Saturday, August 04, 2007

It's A Good Life If You Don't Weaken


I just finished reading "It's A Good Life If You Don't Weaken" by Seth. Unfortunately, I passed off my copy too quickly, so can't quote to you choice lines, and I am doing the review from memory. But it's a graphic novel. It wouldn't be effective to parrot lines anyway, and I have an excellent memory.

I liked it a lot. But then again, I like slow-paced narratives where not much happens, but certain sentiments and thoughts are beautifully conveyed. While not as stylized and with less complicalted layouts than Chris Ware's Jimmy Corrigan (probably my favorite graphic novel), I found the artwork to have an evocative, melancholy beauty. I loved the the expressiveness achieved with the blue and gray scheme.

The novella is about a cartoonist's obsessive, years-long search for information about an obscure gag cartoonist from the 1950s named Kalo. Kalo had one cartoon for the New Yorker in 1951, and then appeared to drift off the map into even greater obscurity. The cartoonist character's name is Seth. Yes, I do believe that this might be autobiographical.

I didn't really identify with the narrator, but then again I'm not a depressed young male cartoonist with a pathological grip on the past, self-absorbed disaffection with the present, and extreme distrust of the future. Although I dig his hat and glasses and old school trenchcoat. It was interesting to read the self-psychoanalysis parts of the novella. Seth wonders about the obsessiveness of his investigation, and wonders why he cares so much about this obscure cartoonist--it's not Kalo's success, but rather his whimpering failure trailing into obscurity that fascinates him. Is there a story behind this slow decline? Is there ever a story worth telling about one who fails?

Perhaps it was because Seth is something of a failure himself. Seth fails at relationships (indeed, one of the best bits on the book is where Seth realizes that he either pushes women away until they leave him eventually, or else leaves the women quickly and brutally). Seth is not so successful as a cartoonist himself. Seth seems to fail at living in the modern world. His attachment to the past, his belief that things only get worse and so each moment in the past becomes more golden by comparison--well, that's not really succeeding at the present.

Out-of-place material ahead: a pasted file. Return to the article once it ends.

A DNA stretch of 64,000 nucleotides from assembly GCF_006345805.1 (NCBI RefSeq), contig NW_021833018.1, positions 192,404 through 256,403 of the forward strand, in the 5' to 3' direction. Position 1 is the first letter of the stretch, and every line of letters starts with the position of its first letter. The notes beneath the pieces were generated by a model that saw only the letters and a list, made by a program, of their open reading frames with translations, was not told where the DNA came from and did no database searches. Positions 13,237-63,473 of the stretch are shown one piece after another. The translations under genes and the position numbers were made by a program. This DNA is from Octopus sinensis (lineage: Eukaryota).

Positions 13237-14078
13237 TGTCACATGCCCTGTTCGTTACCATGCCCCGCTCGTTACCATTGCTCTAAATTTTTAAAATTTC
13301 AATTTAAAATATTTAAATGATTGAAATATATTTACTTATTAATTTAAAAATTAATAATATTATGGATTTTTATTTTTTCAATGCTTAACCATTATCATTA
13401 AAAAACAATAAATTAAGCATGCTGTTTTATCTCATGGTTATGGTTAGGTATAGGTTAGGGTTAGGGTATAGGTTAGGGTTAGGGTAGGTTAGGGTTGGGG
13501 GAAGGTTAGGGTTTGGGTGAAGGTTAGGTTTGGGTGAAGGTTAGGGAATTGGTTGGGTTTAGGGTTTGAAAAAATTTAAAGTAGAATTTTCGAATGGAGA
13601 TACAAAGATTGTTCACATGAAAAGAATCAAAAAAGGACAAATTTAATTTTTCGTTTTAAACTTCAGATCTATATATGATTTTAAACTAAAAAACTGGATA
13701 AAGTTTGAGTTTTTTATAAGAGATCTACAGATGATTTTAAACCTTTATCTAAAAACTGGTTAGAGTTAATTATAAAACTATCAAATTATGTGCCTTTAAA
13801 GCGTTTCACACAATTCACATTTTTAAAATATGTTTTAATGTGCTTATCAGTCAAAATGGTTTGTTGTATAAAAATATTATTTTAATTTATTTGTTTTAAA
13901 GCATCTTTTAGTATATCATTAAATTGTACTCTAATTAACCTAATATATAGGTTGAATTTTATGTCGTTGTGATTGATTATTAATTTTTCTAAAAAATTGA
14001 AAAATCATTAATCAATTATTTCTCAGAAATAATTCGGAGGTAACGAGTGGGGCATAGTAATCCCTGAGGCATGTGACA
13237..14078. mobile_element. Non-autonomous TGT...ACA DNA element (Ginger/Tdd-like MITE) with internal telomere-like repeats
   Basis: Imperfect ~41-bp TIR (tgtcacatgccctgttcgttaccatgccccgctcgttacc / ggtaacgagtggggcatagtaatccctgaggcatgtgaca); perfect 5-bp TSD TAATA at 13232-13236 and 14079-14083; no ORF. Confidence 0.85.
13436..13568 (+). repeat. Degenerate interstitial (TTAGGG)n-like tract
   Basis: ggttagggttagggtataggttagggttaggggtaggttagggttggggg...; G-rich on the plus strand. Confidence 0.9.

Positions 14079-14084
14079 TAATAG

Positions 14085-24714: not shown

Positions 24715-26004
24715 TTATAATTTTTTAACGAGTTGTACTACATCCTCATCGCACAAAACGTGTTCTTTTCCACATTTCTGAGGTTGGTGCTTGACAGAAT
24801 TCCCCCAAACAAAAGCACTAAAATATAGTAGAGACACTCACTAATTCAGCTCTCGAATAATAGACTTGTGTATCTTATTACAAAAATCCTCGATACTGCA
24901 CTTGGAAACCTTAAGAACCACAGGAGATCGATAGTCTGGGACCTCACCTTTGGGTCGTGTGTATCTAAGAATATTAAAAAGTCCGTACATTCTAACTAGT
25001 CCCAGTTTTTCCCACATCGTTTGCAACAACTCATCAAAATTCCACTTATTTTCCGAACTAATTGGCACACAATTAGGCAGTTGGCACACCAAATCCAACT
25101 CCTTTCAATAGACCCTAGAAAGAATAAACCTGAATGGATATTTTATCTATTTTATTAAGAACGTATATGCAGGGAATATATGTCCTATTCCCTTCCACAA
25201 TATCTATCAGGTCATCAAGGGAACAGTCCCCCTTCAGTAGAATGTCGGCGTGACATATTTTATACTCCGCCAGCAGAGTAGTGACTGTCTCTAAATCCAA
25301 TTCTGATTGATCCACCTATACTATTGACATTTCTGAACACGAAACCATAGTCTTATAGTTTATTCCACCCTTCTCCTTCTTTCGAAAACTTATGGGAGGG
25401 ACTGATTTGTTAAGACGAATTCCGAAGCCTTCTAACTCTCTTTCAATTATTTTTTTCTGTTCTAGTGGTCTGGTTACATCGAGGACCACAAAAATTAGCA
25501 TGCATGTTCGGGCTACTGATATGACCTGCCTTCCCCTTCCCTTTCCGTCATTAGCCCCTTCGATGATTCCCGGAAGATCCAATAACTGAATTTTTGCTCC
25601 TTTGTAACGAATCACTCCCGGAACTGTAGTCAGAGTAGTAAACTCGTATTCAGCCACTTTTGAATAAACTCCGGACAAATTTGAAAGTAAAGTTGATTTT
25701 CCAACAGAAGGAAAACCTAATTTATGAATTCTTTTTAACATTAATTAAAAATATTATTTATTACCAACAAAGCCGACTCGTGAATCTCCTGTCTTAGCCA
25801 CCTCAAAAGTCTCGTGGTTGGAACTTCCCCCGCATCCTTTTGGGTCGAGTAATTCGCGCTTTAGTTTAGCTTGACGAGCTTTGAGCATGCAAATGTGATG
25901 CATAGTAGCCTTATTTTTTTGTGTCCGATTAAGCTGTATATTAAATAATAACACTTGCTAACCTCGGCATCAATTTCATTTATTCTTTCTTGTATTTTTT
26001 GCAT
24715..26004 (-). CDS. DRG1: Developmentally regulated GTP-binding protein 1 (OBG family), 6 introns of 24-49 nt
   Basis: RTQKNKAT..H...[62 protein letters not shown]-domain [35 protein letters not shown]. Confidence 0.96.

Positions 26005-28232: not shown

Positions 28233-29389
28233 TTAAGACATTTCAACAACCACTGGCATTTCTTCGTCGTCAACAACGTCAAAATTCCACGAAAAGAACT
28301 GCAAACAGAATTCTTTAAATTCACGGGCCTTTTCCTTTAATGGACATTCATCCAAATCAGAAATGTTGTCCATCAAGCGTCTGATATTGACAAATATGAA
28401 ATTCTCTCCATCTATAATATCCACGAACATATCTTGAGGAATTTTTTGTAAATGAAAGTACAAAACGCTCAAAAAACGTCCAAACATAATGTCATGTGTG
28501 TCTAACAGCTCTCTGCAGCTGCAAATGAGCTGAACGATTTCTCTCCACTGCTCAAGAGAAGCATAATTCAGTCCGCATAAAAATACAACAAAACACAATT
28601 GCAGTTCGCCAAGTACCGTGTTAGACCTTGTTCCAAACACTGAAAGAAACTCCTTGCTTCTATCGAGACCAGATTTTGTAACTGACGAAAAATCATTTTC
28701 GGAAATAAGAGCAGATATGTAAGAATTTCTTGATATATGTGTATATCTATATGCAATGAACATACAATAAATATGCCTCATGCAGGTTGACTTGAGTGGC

And yet, in spite of or because of all of this, I really enjoyed the novella. The artwork is indeed moodily evocative. And the book, while not exactly action-packed, and with a difficult-to-like central character is likeable as a whole. You go along with Seth for the journey, even though it doesn't take you anywhere of consequence. That is, after all, much of life. Some quests are fruitless. Many are pointless. But you still should try to look and search for something, for some truth in life. Most relationships are failures, and some are better left avoided--but you should still have them, because while there are worse things than being alone, positing lesser of two evil choices is never a way to go about life. And none of us fit in too well in this modern world--most people are too trapped in the past or too eager for the future. Some heroes are unsympathetic, mostly because they're too much like you--and not all of us are particularly heroic. Actually, very few are. Most of us are misfits.

But still, you go on. Life goes on. That's the ultimate quest, and wherever it leads--to deadends, to anti-climaxes--well, there you must go. Sometimes, you might surprise yourself. Sometimes, the journey is the quest. (okay, that was maudlin)

Next depressing "comic" novel to be reviewed: Allison Bechdel's "Fun Home."

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